To stay safe in a social-media minefield, he said, brands need to make sure to secure their own domain names in social-media environments, before any squatters do,- and then start to build a community there. When a crisis happens, online or off, brands can then use that community to their advantage.

That's the opposite of how Hasbro Inc. reacted last year when it sued the India-based creators of Scrabulous, the popular Scrabble-like game on Facebook,- and forced them to take it down. Fans of the game formed "Save Scrabulous" pages on Facebook and posted angry messages about Hasbro. When a company-sanctioned version of the game appeared sometime later, fewer returned to play.

Sending in the legal posse is an old-fashioned response in the new media age, Owyang said. "It creates so much more buzz -- people wonder why you would beat up your most passionate customers."

Other companies may find that unexpected uses of their brands online give rise to immediate PR nightmares.

A little more than a week ago, a video showed up online showing two Domino's employees laughing as they prepared food in a deliberately unsanitary way.

The video quickly generated hundreds of thousands of views.

The pizza company's initial instinct was to try to dispose of the situation quietly by responding only to concerned consumers who had seen the video, rather than risk broadening its exposure by making a public statement.

But chatter about the problem spilled over into Twitter, whose expansive micro-messaging network is becoming an online circulatory system for news, pumping information between media organs, consumers and businesses themselves.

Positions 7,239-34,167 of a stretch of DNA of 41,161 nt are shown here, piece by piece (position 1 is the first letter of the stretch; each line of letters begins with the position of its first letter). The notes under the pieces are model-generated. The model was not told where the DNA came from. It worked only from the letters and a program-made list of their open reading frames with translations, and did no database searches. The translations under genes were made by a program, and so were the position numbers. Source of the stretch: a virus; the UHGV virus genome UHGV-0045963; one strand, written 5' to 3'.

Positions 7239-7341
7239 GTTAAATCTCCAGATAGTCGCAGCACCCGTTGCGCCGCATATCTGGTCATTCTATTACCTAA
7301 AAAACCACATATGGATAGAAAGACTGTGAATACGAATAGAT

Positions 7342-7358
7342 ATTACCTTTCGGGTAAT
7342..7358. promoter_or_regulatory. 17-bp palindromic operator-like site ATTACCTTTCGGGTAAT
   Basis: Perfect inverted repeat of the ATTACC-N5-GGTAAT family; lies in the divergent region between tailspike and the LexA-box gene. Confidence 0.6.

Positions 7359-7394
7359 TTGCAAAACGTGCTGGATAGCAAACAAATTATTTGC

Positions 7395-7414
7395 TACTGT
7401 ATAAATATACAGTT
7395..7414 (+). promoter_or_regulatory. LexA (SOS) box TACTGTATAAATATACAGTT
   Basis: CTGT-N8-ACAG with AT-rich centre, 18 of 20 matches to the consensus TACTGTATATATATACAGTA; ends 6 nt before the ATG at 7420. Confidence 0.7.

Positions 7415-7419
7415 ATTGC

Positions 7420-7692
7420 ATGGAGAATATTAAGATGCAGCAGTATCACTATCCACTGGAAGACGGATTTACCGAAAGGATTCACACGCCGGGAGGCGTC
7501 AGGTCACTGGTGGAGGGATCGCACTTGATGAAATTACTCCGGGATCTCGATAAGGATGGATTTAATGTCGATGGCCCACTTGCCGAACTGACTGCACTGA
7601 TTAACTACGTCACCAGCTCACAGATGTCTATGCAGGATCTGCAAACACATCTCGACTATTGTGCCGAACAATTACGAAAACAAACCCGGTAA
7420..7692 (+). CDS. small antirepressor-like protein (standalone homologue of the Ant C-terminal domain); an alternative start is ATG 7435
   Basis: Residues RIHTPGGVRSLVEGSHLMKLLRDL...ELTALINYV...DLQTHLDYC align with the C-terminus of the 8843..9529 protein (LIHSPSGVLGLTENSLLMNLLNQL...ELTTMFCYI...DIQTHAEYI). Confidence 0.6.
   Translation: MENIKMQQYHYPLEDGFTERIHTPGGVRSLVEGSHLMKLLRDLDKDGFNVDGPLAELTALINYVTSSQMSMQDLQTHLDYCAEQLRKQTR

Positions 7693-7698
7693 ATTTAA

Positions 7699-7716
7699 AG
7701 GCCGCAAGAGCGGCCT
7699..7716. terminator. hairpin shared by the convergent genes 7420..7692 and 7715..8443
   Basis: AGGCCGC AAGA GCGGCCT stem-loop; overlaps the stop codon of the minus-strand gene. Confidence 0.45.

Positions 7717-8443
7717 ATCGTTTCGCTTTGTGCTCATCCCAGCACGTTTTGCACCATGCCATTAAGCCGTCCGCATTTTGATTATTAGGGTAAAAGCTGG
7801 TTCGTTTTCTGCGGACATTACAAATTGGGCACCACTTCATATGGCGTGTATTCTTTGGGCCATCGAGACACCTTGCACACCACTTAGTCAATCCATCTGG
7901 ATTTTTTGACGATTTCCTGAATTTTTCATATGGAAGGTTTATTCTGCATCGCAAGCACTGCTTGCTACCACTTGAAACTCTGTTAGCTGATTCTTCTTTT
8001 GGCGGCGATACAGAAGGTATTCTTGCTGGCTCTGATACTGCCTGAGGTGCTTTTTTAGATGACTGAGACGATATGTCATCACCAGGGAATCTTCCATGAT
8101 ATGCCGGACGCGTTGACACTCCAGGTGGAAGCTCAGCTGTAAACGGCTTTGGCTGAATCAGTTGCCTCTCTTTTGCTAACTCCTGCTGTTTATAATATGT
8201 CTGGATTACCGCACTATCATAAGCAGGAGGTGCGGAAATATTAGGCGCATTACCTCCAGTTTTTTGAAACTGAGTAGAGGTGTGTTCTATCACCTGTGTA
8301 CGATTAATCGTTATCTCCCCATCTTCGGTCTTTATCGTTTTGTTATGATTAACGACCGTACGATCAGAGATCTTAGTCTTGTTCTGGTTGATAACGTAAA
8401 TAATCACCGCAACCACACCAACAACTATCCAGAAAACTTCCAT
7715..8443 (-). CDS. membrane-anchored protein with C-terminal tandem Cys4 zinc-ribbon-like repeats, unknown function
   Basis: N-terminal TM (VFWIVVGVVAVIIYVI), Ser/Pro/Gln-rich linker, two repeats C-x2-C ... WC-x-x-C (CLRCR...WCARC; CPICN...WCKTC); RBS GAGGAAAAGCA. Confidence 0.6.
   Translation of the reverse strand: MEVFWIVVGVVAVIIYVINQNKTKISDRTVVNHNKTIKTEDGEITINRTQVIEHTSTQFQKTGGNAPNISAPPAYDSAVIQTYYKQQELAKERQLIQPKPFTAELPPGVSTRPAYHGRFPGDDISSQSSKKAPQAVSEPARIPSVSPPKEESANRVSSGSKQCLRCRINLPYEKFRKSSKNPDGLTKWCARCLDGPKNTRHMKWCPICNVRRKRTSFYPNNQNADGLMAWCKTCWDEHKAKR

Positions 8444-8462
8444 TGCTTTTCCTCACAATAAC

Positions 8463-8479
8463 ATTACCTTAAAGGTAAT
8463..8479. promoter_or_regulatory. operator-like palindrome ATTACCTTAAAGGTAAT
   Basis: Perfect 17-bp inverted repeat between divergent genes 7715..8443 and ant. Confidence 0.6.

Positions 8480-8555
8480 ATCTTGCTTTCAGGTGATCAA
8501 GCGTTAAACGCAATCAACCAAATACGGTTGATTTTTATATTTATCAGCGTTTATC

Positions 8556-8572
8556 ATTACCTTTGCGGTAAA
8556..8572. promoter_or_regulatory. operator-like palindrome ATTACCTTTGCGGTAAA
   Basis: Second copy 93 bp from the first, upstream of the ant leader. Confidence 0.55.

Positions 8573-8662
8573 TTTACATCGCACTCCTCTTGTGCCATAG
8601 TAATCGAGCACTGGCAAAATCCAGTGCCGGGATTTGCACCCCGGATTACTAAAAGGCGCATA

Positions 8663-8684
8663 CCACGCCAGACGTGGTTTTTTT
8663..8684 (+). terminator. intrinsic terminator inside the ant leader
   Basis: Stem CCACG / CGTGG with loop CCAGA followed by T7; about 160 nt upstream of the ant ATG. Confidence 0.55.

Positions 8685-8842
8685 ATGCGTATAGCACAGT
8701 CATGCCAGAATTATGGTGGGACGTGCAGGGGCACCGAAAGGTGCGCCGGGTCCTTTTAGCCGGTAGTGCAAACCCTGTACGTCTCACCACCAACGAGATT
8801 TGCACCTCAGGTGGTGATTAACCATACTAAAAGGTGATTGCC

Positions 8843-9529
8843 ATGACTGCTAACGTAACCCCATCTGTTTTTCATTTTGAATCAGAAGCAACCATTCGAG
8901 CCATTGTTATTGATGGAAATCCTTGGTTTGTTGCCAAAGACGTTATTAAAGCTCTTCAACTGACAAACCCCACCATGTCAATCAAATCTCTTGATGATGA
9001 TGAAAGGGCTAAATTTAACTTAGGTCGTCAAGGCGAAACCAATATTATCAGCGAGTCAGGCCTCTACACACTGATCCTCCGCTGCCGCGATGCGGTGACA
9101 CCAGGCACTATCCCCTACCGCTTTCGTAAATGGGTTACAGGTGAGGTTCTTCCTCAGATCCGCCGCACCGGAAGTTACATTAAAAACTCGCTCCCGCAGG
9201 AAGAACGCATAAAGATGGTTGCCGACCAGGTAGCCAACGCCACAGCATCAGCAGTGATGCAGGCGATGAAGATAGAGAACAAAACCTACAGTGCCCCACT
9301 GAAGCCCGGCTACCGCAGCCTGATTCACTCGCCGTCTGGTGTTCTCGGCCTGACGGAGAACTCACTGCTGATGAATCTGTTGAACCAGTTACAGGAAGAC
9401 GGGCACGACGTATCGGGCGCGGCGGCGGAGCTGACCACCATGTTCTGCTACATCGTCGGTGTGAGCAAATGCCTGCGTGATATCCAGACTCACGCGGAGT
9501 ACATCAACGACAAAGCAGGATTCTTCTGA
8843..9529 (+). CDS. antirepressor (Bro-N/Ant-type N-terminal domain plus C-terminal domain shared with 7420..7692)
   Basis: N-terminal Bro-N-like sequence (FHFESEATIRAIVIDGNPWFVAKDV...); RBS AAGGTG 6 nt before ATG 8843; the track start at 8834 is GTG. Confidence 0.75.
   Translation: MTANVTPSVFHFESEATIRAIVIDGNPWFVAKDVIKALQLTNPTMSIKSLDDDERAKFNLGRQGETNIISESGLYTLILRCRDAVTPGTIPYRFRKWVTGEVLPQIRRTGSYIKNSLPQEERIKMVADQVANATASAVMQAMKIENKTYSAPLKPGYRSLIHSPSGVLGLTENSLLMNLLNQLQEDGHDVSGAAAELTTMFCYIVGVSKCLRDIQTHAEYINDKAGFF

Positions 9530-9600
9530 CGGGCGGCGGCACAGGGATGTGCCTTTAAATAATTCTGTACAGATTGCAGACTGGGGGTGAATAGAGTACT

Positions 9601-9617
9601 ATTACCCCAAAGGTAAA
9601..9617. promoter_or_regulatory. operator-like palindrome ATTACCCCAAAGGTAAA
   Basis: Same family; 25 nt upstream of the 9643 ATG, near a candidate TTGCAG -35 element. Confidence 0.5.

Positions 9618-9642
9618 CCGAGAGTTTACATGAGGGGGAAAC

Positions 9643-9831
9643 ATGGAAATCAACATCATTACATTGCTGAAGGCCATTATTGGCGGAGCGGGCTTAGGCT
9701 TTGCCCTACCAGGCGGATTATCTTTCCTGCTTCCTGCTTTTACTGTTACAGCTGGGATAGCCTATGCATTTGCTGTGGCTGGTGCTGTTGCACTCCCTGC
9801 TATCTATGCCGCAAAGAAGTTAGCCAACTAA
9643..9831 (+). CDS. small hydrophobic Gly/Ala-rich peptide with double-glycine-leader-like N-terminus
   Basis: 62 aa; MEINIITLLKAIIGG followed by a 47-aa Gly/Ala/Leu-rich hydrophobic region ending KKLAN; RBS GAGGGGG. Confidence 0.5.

Domino's posted a YouTube response
of its own, and even established a Twitter account to answer direct questions from customers.

"If something happens in this medium, it's going to automatically jump to the next," Domino's spokesman Tim McIntyre said. "So we might as well talk to everybody at the same time."

When Amazon was faced with its own consumer outcry recently, it decided to forgo the social-media route.

Without warning, many gay- and lesbian-themed books began disappearing from the site's search results and sales rankings. The Twittersphere instantly saw red, accusing the company of discrimination and censorship and demanding a response.

But >Amazon stayed mostly mum. The company first waited most of a day only to cite an unspecified "glitch," and when that vagueness only fomented the outrage, it released a second clipped statement blaming a "cataloging error."

But Twitter abhors a vacuum, and commenters rapidly filled Amazon's silence with boycott threats, petitions and caustic accusations, an outcome that suggests that the growth of social media may be driving up the cost of inaction.


(Demi and Ashton Kutcher beaming their win on UStream.tv)
When lightweight actor Ashton Kutcher challenged CNN in a race to get 1 million followers an odd quirk of the much-hyped race was that CNN hadn't actually owned the account until a few days earlier.

For two years, the CNNBrk account (for breaking news) had been created, maintained, and run by a 25-year-old British Web developer who just wanted a way to beam short news alerts to his cell phone.

But when the cable network found that James Cox had appropriated its name and content, it took a direction that might seem a bit surprising. Instead of suing Cox or trying to shut down the account, the cable network quietly hired him to run it, then acquired it last week when Cox was visiting the company's Atlanta headquarters.

"We've been managing the feed through him," said a CNN spokesman, noting the huge increase in the number of Twitter followers since the November election. "As Twitter took off and became more prominent, we decided it was time to take our engagement and make it a marriage."

The CNNbrk Twitter account was a hit probably because it was useful to hundreds of thousands, and now a million other fans beyond Cox's wildest dreams.

The Coca-Cola fan page was a hit thanks to a combination of weak competition and good timing and pretty pictures. It had a momentum of its own, and a community loyal to its quirky founders. Had Coke set up the page itself or taken it over, there is no guarantee it would still be thriving.

Indeed, the most effective thing Coca-Cola and CNN did – and perhaps the best lesson for other companies – was not getting in the way.